It appears that GFJ ties up (blocks?) the 3A4 in the gut. But once out of the gut (systemic) the 3A4 is still removing (or perhaps not removing as much?) in the liver. Intuitively I would suspect that the clearance rate would lessen. Just wondering…

" Cytochrome P450 3A4 (CYP3A4), is the dominant human liver hemoprotein enzyme localized in the endoplasmic reticulum (ER), and is responsible for the metabolism of more than 50% of clinically relevant drugs. While we were studying CYP3A4 expression and activity in human liver, we found that anti-CYP3A4 antibody cross-reacted with a lower band in liver cytoplasmic fraction. We assessed the activities of CYP3A4 and its truncated form in the microsomal and cytoplasmic fraction, respectively. In the cytoplasmic fraction, truncated CYP3A4 showed catalytic activity when reconstituted with NADPH-cytochrome P-450 reductase and cytochrome b 5. In order to determine which site was deleted in the truncated form in vitro , we transfected cells with N-terminal tagged or C-terminal tagged human CYP3A4 cDNA. The truncated CYP3A4 is the N-terminal deleted form and was present in the soluble cytoplasmic fraction. Our result shows, for the first time, that N-terminal truncated, catalytically active CYP3A4 is present principally in the cytoplasm of human liver cells."

I remember seeing a paper which said that the effects are immediate, but then reduce. I don’t remember anything saying that you need to eat the grapefruit 1 hour before the rapamycin. I admit that I eat some grapefruit wait a bit (maybe 10-15 mins) and then take the rapamycin.

I think it is quite likely that there is a further effect in terms of serum elimination. However, I found a paper which had a two compartment analysis of half life and we can spent a lot of time trying to identify a model, but it won’t impact that much on what our decisions should be as to ideal dosing and timing.

I think a key mistake made by Matt Kaberlein on dosing is to want an effective zero Rapamycin prior to the next dose. I think people need a period of time when the serum level is effectively zero as we do need mTOR to function properly some of the time.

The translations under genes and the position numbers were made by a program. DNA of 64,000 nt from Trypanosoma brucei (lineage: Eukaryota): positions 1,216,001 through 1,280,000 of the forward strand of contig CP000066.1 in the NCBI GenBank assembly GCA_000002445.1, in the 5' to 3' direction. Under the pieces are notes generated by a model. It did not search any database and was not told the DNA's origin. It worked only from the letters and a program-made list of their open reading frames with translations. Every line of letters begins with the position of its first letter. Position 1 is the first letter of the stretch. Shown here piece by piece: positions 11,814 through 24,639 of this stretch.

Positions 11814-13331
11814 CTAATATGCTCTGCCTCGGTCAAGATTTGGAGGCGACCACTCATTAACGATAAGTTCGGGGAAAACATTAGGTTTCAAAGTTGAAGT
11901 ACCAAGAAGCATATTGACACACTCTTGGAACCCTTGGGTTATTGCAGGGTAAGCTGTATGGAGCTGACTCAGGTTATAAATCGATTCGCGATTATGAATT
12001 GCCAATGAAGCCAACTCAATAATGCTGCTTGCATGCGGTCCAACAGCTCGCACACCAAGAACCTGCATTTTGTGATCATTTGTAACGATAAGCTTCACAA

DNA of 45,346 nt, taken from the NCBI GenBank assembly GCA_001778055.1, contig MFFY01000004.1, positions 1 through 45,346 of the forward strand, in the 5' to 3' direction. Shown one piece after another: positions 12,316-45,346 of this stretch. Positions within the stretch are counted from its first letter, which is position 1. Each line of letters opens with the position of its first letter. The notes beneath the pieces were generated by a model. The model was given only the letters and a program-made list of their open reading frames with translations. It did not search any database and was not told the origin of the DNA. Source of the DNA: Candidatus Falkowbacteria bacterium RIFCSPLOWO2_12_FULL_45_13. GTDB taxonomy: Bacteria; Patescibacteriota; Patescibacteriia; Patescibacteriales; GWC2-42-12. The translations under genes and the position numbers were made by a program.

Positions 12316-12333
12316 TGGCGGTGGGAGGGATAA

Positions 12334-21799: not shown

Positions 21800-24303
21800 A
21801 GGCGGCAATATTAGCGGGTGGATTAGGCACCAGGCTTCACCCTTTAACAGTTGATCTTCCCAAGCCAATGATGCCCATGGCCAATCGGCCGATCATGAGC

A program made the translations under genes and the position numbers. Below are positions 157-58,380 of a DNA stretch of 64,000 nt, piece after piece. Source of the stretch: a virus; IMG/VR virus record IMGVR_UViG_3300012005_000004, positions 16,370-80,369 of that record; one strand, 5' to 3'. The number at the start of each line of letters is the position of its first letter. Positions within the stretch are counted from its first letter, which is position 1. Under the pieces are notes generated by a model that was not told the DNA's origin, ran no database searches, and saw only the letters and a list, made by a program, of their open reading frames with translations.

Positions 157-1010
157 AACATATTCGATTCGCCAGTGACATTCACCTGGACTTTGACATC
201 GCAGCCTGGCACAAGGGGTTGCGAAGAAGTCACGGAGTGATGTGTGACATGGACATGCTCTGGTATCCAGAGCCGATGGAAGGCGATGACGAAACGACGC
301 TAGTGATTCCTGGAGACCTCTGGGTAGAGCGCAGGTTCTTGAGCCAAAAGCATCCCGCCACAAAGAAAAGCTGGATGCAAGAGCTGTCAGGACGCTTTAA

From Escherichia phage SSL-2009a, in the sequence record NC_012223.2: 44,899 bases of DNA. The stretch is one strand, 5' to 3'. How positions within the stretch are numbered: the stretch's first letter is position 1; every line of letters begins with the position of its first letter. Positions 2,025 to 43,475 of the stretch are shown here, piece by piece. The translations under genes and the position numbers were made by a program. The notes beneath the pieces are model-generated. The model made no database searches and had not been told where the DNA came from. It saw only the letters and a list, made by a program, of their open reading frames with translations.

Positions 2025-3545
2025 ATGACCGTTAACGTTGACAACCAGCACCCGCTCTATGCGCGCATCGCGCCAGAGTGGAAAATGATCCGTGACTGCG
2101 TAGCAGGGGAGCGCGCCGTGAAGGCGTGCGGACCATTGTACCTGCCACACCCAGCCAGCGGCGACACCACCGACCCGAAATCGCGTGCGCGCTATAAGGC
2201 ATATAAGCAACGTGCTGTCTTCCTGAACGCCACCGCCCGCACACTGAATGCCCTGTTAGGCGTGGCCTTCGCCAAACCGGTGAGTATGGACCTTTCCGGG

Incidentally I also looked up the comparative effects of pomegranate vs grapefruit. Chat GPT said grapefruit was better, but I am not sure Chat GPT is right. I found a paper which said they were much the same. Given that I like pomegranate, but don’t like grapefruit although I have got used to the grapefruit I may try out pomegranate next time I take Rapamycin (about 18 days from now).

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My understanding is that grapefruit juice potentiates rapa, not by improving its absorption, but by interfering with its breakdown by inhibiting the CYP3A enzyme. This leaves more of the drug in the blood for longer.

In one of the best studies I’ve read on the topic (Ezra 2012), weekly rapa dosing with the antifungal drug ketoconazole can be used for this purpose and has been shown to increase rapa AUC by 500% when taken on the day of rapa dosing and the three following days. Grapefruit juice (240 cc) increased rapa AUC by 350% when started the DAY BEFORE the rapa dose and continued daily until the next rapa dose. The authors explain the grapefruit juice dosing as follows “This dosing was based on research showing that the half-life of intestinal enzyme inhibition of grapefruit juice is 12 hours, thus providing time for modulation before sirolimus dosing.” While that explains the getting an early start on the grapefruit juice, it does not explain the daily dosing to me, since the enzymes impact is primarily intestinal, I reason that since the rapa would be fully absorbed after a day, it would no longer be needed. Am I missing something here?


For me the following link worked just fine.
PDF is watermarked.

Ketaconazole has liver toxicity issues, so I prefer grapefruit juice.

The chart I saw that impacted me most was that the absorption of Rapa goes up to 3-3.5X in the 1-4 hour range after taking grapefruit juice. It’s not much before and after that window. So that’s what I do.


Do you have a citation for that chart?